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Clover Park Technical College | Field Guide 2021

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Clover Park Technical College offers 42 programs with over 120 degree or certificate options arranged into seven career pathways: advanced manufacturing; aerospace and aviation; automotive and trades; business and personal services; health and human development; nursing; and science, technology, engineering, and design. With campuses in Lakewood and South Hill, we offer online, hybrid, and on-campus courses for students starting their first career, taking their next step in a career, or finding a new career. Our affordable and accessible programs help people of every age and background, from new high school graduates to seasoned employees, gain new skills and fully participate in our workforce. As a technical college that serves Washingtonians hardest hit by strained economic conditions, we are key to creating stronger and more inclusive opportunities.

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Key Facts

Highest Enrolled Programs

  • Practical Nursing
  • Associate in Pre-Nursing (DTA/MRP)* 
  • Network Operations and Systems Security 
  • Esthetic Sciences 
  • Aviation Maintenance Technician

*Direct Transfer Agreement/Major Related Program


  • Headcount (all sources): 6,668
  • FTES (all sources): 4,044
  • Headcount (state-funded): 6,185
  • FTES (state-funded): 3,698

Students in Selected Programs

  • Applied bachelor's: 30
  • Apprentices: 51
  • I-BEST: 270
  • International: 36
  • Running Start: 104
  • Worker Retraining: 403

Student Profile

Type of Student

  • Academic/transfer: 6%
  • Basic skills: 3%
  • Other: 1%
  • Workforce education: 90%


  • American Indian/Alaska Native: 4%
  • Asian: 14%
  • Black/African American: 18%
  • Hispanic/Latino: 14%
  • Pacific Islander: 4%
  • Other race: 1%
  • White: 61%


  • Full-time: 59%
  • Part-time: 41%

Family and Finances

  • Students receiving need-based financial aid: 50%
  • Students who work: 55%
  • Students with children: 38%


  • Female: 67%
  • Male: 33%

Median age


Points of Interest

Pandemic-proof pathways

Clover Park Technical College (CPTC) partners with local businesses to ensure employers have a well-prepared talent pipeline, and that students have high-wage, high-demand options that can withstand economic disruptions. To meet those needs, CPTC expanded its Bachelor of Applied Science (BAS) degree options in the past year, and, with support from Career Launch funds and a grant from the Office of the Lieutenant Governor, prepared to offer two new healthcare apprenticeship models. CPTC’s hands-on technical education fills a demand not met by other colleges in our community.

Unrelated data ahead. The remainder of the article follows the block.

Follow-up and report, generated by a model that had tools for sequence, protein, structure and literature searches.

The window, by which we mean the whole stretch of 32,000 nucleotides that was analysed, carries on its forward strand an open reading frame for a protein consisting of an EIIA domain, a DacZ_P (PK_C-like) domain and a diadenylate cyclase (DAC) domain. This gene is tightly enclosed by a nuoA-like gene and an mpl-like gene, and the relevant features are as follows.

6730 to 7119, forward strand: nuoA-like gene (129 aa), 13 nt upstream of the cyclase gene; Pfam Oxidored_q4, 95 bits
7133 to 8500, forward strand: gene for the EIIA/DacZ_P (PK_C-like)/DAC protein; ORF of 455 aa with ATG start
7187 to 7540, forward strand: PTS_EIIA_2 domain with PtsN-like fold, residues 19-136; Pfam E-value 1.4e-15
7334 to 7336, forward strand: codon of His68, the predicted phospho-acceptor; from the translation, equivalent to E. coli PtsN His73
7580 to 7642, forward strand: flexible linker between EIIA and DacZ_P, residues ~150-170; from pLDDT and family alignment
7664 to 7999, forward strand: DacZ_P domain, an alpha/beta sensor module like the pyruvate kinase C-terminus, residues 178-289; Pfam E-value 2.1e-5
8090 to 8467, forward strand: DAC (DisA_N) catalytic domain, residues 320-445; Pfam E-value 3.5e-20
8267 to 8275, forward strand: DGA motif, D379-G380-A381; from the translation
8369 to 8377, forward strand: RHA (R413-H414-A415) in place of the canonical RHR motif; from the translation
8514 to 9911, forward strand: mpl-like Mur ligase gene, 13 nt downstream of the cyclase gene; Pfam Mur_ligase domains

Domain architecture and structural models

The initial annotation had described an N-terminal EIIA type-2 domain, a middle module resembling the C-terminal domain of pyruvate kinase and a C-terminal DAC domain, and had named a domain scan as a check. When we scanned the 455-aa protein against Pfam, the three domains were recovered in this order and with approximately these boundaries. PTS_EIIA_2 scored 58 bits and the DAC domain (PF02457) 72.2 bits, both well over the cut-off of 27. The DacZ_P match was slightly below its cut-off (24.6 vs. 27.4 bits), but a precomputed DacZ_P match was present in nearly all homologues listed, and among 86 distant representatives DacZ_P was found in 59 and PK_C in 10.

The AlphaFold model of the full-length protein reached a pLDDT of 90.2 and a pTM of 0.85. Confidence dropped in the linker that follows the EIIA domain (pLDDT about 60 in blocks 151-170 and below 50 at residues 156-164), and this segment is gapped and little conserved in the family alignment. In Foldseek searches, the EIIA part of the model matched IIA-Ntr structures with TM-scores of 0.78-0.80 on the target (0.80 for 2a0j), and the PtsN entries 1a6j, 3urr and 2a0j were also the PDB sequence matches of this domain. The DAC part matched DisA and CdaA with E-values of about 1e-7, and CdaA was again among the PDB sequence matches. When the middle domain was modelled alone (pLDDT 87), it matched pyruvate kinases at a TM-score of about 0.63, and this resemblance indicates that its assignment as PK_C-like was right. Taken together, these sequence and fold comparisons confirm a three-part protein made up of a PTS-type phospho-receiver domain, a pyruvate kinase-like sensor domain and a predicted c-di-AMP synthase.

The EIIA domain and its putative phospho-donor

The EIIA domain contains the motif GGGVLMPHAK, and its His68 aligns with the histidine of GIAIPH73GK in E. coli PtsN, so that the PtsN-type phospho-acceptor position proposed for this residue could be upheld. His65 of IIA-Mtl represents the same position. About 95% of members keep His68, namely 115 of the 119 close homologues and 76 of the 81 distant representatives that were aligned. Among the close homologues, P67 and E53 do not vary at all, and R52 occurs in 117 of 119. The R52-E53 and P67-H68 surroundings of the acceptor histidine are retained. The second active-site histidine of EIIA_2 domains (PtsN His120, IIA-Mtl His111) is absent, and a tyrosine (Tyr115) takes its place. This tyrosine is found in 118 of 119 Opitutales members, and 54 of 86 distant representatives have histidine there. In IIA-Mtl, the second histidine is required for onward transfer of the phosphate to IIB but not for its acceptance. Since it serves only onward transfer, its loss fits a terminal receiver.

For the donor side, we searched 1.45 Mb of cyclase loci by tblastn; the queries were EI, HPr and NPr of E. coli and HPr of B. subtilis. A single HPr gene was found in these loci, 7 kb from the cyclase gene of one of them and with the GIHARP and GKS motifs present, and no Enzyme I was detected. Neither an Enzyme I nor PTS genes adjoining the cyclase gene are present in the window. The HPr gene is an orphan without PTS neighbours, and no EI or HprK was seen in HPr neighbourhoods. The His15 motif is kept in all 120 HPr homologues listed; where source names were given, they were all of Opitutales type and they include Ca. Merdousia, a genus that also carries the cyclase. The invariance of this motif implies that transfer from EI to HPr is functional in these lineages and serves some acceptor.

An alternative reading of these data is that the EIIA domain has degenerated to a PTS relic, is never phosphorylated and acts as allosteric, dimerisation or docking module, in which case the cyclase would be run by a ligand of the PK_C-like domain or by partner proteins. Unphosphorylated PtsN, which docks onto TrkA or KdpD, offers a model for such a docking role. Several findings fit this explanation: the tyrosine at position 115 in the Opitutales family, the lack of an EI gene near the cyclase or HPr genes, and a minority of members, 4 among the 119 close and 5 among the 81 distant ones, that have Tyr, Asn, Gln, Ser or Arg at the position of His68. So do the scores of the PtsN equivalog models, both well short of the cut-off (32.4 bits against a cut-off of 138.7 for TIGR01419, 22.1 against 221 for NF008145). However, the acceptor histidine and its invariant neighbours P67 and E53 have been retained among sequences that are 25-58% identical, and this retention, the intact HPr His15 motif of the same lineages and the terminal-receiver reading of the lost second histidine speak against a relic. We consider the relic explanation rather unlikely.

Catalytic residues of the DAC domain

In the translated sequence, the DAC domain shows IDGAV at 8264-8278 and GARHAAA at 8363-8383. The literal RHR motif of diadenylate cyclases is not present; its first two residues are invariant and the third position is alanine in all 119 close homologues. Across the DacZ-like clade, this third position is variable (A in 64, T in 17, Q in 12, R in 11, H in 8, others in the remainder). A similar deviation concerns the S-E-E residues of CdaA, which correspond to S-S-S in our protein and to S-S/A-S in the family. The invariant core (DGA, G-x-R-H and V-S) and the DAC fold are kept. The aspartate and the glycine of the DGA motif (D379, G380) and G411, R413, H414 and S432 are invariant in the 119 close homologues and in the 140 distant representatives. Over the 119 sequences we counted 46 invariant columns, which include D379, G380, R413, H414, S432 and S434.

Healthcare apprenticeships 

In partnership with the SEIU Healthcare 1199NW Multi-Employer Training Fund, CPTC laid the groundwork for innovative, distance-learning solutions for adults seeking to leverage their background and experience towards affordable degrees in healthcare. Using the apprenticeship model, these programs offer affordable online instruction, as well as paid on-the-job training. In October 2020, an advisory body led by representatives from UW Medicine, Harborview Medical Center, the Workforce Training and Education Coordinating Board, the Allied Health Center of Excellence, among others, identified pathways for a Peer Counselor and Behavioral Health Technician apprenticeship program for development in 2021.

New BAS programs 

The Cybersecurity BAS (BAS-CYBER) provides working adults a pathway to cybersecurity jobs requiring a bachelor’s degree. Businesses and service providers created additional positions in response to threats such as ransomware and sophisticated phishing attacks. The new Mechatronics BAS (BAS-META) offers graduates entry into a multidisciplinary field combining mechanical, electrical, software, control and computer engineering. BAS-META coursework brings additional engineering math and physics, as well as hands-on work with cutting-edge industrial technology and practices such as IIOT, digital twins, sustainable manufacturing, AI and data analytics, robotic integration, and vision systems. Students learn to use cyber-physical systems to increase productivity while achieving social, environmental and economic sustainability.

Data is from the 2019-20 academic year. Reflects headcount unless otherwise noted.

*May not add up to 100% because students may be counted in more than one race. Percentages calculated on reported value.


Dr. Joyce Loveday


  • Eli Taylor, chair
  • Mark Martinez 
  • Carol Mitchell
  • Lua Pritchard 
  • (Harold) Wayne Withrow

Year Founded


Service Area

Pierce County

Legislative Districts

2, 25, 26, 27, 28, 29, 30, 31

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Last Modified: 2/17/23, 11:26 AM

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